The drying conditions for specific grains and situations are many and varied. Drying will take place under any conditions where grain is exposed to a flow of unsaturated air. Very fast drying can be accomplished using large volumes of high temperature air but, if carried through to completion, is likely to be inefficient in energy use and liable to damage the grain by over-heating and/or over-drying. Conversely slow drying, as in sun drying in inclement weather, provides conditions for continued respiration and deterioration of the grain leading to both quantitative and qualitative losses and the growth of moulds.

 

Drying Efficiency

The efficiency of the drying operation is an important factor in the assessment and selection of the optimum dryer for a particular task. There are three groups of factors affecting drying efficiency:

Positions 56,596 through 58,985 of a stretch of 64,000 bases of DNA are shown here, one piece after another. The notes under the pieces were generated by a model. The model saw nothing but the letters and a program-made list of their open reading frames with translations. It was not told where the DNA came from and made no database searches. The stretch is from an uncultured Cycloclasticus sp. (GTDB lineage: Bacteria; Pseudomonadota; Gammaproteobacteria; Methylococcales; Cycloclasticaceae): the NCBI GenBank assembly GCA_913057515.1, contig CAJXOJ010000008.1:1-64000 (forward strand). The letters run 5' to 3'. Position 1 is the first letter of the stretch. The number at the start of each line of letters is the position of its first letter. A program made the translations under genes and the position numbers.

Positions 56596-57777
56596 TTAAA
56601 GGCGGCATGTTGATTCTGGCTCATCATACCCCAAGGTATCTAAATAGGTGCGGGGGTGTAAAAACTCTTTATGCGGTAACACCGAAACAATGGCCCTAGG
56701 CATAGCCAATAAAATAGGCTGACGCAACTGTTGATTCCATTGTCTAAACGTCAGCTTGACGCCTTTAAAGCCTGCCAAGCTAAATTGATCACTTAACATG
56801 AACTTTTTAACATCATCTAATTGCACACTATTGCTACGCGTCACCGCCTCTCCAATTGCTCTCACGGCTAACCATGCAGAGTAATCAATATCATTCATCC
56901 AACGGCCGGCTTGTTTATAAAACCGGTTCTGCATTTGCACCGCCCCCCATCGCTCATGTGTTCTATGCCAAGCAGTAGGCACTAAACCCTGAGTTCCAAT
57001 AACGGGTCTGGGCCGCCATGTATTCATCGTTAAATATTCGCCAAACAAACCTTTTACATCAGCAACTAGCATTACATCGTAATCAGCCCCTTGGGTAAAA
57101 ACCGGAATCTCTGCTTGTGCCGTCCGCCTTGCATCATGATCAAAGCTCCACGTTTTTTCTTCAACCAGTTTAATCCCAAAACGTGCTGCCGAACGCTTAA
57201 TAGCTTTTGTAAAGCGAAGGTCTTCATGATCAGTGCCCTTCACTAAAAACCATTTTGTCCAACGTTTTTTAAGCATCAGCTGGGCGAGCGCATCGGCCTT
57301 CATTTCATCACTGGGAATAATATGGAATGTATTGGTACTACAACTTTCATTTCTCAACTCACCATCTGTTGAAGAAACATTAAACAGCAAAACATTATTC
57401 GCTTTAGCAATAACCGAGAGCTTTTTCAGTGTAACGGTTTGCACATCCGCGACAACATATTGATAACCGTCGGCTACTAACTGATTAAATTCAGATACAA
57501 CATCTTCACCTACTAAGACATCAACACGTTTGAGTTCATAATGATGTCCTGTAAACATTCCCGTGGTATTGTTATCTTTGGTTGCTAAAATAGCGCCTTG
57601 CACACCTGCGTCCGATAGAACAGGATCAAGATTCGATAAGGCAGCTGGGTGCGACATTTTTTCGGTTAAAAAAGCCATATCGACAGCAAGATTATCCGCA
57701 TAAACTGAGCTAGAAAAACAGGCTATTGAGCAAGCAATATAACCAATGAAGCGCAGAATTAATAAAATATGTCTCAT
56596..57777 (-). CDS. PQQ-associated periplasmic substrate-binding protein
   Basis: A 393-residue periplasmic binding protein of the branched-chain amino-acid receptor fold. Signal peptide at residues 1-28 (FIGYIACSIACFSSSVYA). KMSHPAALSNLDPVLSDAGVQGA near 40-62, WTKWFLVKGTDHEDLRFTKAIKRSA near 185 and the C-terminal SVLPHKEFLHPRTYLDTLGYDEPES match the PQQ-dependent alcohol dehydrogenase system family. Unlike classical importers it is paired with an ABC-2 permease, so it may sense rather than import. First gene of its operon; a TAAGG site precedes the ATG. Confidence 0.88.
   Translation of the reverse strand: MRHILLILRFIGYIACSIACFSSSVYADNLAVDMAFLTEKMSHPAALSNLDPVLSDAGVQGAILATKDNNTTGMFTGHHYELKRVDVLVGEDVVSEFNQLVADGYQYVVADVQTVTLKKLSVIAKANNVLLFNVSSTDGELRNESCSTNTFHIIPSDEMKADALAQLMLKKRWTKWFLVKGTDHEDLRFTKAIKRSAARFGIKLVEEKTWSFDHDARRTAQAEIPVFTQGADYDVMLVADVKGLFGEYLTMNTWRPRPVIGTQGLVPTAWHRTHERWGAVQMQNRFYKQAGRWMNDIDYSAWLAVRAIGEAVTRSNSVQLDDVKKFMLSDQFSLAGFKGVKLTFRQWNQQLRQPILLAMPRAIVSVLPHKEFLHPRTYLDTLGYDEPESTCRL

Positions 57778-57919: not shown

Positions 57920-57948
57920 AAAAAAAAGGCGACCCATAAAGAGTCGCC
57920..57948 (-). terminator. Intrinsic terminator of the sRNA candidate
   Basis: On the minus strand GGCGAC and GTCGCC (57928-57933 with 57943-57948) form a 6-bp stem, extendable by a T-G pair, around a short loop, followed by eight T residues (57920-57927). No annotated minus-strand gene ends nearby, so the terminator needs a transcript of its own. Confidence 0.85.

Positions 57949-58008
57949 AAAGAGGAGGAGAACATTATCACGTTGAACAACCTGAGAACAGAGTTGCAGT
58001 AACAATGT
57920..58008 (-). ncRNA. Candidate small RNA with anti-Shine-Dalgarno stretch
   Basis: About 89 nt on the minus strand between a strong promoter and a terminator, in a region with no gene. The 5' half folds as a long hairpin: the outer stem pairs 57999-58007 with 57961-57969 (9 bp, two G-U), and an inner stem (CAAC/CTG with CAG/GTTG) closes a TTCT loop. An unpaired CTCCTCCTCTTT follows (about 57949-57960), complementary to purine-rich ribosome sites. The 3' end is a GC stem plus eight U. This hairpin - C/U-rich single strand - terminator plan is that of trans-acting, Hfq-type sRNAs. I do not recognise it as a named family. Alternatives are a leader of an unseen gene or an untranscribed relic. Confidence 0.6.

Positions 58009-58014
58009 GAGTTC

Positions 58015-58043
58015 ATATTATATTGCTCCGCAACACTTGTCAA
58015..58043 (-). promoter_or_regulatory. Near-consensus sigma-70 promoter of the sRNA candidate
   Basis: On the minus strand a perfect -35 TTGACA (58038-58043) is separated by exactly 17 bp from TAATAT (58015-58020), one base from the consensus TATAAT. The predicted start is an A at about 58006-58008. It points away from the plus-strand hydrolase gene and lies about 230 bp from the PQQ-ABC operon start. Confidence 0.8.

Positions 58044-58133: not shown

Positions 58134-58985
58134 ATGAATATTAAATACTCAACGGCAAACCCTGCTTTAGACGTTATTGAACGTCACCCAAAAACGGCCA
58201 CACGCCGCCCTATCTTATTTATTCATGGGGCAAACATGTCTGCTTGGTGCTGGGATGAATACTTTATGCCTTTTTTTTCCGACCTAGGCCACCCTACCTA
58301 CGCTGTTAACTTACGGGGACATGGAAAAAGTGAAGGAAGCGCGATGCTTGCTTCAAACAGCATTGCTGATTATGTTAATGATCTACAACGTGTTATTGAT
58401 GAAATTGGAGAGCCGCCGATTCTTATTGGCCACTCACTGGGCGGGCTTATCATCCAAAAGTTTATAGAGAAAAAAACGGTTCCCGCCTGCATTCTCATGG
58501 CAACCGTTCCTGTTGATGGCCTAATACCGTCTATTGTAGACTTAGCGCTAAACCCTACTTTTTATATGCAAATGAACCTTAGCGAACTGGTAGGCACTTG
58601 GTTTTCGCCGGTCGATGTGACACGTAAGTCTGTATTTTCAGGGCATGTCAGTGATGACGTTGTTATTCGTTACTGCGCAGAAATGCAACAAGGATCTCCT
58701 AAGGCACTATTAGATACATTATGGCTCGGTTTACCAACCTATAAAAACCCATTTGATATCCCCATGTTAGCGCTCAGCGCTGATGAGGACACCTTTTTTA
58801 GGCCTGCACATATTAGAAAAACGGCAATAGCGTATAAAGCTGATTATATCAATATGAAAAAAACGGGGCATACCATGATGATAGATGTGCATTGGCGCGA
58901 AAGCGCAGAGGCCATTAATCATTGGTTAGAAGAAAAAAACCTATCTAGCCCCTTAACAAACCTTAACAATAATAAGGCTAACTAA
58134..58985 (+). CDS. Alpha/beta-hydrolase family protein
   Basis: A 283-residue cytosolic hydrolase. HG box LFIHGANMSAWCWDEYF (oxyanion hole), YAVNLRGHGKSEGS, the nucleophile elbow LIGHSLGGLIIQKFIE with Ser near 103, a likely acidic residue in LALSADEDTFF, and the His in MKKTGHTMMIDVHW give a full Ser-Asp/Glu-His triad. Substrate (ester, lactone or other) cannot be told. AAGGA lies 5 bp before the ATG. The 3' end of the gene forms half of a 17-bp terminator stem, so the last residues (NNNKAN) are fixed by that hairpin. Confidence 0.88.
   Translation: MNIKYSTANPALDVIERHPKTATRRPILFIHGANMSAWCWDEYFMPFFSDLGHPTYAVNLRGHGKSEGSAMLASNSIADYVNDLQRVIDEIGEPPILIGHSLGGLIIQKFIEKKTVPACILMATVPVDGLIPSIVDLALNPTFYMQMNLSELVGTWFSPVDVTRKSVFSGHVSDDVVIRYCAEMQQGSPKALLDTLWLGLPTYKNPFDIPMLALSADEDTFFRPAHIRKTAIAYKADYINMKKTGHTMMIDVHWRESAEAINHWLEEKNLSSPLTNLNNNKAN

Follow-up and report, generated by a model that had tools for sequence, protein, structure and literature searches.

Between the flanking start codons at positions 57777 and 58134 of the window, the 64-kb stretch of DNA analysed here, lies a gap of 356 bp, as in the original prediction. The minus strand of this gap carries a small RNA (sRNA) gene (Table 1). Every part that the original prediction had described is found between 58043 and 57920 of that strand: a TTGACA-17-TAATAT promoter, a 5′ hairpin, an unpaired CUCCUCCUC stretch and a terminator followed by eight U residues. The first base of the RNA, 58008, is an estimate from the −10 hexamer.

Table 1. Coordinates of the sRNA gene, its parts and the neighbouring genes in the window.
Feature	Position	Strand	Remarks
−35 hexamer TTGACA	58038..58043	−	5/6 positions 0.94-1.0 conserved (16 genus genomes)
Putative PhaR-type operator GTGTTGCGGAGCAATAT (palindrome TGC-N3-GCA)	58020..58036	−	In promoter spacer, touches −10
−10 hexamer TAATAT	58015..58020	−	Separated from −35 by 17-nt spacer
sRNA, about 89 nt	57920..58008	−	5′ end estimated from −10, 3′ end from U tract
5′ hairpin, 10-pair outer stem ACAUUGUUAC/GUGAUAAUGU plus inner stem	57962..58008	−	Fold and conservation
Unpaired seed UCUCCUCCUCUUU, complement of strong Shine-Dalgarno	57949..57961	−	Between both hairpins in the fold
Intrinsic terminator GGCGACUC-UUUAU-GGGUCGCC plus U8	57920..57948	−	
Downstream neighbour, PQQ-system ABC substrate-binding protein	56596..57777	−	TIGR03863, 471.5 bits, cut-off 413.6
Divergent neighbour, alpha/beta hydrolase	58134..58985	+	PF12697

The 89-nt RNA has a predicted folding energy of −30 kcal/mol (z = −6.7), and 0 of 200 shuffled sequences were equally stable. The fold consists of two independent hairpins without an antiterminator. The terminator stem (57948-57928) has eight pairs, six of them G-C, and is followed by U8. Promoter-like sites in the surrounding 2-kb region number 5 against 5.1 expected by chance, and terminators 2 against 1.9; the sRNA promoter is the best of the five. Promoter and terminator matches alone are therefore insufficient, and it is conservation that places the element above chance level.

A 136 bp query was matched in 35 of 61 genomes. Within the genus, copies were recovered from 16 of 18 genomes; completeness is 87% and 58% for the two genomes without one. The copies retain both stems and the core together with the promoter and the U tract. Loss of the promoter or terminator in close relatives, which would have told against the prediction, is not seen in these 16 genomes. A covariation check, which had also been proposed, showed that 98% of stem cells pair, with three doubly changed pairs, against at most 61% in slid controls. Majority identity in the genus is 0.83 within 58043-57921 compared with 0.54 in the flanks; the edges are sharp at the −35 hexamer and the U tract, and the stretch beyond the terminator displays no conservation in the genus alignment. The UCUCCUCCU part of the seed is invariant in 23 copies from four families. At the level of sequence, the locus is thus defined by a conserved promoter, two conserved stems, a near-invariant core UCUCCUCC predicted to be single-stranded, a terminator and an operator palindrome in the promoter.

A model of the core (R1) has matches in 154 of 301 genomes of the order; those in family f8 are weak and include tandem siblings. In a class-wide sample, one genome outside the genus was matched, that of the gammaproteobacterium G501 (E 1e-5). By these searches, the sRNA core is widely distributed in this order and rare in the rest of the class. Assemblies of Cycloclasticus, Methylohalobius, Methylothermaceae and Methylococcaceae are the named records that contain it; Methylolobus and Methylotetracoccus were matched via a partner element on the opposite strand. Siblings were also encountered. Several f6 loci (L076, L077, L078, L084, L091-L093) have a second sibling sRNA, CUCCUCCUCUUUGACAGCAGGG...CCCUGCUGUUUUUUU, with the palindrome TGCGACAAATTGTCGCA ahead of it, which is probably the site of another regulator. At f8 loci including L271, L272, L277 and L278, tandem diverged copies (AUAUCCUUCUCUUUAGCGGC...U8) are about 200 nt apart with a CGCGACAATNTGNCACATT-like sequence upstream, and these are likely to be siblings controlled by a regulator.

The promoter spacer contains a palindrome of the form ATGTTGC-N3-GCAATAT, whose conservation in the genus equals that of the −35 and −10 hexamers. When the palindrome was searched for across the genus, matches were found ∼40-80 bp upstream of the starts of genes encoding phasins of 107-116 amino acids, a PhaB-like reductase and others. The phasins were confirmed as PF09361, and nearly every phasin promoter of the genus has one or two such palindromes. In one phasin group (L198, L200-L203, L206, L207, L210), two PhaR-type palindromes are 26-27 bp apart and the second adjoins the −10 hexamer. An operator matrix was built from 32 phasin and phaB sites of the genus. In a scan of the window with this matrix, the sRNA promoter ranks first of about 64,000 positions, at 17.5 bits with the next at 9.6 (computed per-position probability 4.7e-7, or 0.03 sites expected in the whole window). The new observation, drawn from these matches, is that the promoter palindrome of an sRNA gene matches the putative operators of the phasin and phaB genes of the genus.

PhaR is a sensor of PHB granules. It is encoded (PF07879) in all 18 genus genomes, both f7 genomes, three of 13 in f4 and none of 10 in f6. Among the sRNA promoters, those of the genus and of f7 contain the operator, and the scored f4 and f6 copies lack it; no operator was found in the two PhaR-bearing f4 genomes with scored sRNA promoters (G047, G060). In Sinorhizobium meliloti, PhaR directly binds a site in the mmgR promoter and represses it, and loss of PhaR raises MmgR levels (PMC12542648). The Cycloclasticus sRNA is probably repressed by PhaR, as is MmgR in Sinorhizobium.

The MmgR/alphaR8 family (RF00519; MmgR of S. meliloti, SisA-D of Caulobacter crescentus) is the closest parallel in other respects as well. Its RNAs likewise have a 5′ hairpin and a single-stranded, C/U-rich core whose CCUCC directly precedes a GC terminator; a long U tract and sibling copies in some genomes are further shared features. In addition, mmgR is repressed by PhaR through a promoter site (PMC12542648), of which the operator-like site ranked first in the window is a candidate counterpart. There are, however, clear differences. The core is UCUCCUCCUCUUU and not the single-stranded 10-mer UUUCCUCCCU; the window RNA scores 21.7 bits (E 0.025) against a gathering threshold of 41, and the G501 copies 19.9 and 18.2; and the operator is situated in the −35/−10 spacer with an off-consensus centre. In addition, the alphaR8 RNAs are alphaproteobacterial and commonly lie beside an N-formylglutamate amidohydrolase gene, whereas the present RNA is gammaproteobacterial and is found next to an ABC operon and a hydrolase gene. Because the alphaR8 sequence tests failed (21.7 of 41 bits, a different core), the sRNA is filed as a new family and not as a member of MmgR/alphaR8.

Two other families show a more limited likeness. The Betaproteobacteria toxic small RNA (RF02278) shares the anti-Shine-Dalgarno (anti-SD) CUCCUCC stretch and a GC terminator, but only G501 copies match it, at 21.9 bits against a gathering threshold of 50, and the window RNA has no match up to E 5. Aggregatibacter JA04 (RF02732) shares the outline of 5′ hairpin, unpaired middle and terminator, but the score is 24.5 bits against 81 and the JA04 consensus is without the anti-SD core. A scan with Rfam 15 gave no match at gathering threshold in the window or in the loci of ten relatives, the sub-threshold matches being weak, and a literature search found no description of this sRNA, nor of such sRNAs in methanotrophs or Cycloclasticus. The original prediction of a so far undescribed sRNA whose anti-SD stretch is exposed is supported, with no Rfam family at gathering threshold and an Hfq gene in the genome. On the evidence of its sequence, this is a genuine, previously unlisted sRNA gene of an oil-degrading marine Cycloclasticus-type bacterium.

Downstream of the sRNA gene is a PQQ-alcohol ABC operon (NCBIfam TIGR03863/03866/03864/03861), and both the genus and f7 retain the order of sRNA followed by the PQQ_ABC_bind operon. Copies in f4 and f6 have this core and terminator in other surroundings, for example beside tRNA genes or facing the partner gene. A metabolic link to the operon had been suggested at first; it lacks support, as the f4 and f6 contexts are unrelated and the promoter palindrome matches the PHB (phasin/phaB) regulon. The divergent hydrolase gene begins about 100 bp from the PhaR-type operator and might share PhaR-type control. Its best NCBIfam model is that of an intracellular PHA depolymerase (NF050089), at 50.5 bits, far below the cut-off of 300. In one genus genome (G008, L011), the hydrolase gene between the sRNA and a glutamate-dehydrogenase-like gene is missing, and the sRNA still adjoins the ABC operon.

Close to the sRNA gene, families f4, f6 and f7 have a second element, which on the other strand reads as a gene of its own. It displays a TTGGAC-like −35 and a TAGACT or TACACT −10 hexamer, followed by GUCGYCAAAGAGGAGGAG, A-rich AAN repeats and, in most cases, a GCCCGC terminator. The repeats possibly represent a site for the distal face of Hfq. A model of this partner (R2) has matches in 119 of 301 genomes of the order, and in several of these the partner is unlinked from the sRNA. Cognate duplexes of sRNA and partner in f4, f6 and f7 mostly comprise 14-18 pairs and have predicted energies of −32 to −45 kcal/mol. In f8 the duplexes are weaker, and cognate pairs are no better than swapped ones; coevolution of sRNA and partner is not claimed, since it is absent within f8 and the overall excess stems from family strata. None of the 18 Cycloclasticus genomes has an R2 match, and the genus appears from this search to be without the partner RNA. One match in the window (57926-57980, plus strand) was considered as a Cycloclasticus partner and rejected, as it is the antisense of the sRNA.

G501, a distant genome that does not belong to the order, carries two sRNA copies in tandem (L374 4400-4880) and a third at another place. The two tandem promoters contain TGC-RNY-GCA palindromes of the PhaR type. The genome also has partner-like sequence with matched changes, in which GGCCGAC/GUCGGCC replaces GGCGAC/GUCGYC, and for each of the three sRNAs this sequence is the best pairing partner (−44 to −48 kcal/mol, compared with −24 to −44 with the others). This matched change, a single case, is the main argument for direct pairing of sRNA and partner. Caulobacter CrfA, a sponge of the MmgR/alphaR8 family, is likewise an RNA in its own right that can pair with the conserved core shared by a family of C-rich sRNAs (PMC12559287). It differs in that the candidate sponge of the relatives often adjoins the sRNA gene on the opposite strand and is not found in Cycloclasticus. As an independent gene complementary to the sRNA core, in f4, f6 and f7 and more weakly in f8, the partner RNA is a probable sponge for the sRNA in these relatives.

* those related to the environment, in particular, ambient air conditions;
* those specific to the crop;
* those specific to the design and operation of the dryer.

There are several different ways of expressing the efficiency of drying, of which the sensible heat utilization efficiency (SHUE), the fuel efficiency, and the drying efficiency are the most useful.

The SHUE takes into account the sensible heat attributable to the condition of the ambient air and any heat added to the air by the fan as well as the heat supplied by combustion of the fuel. It is defined as:

The fuel efficiency is based only on the heat available from the fuel: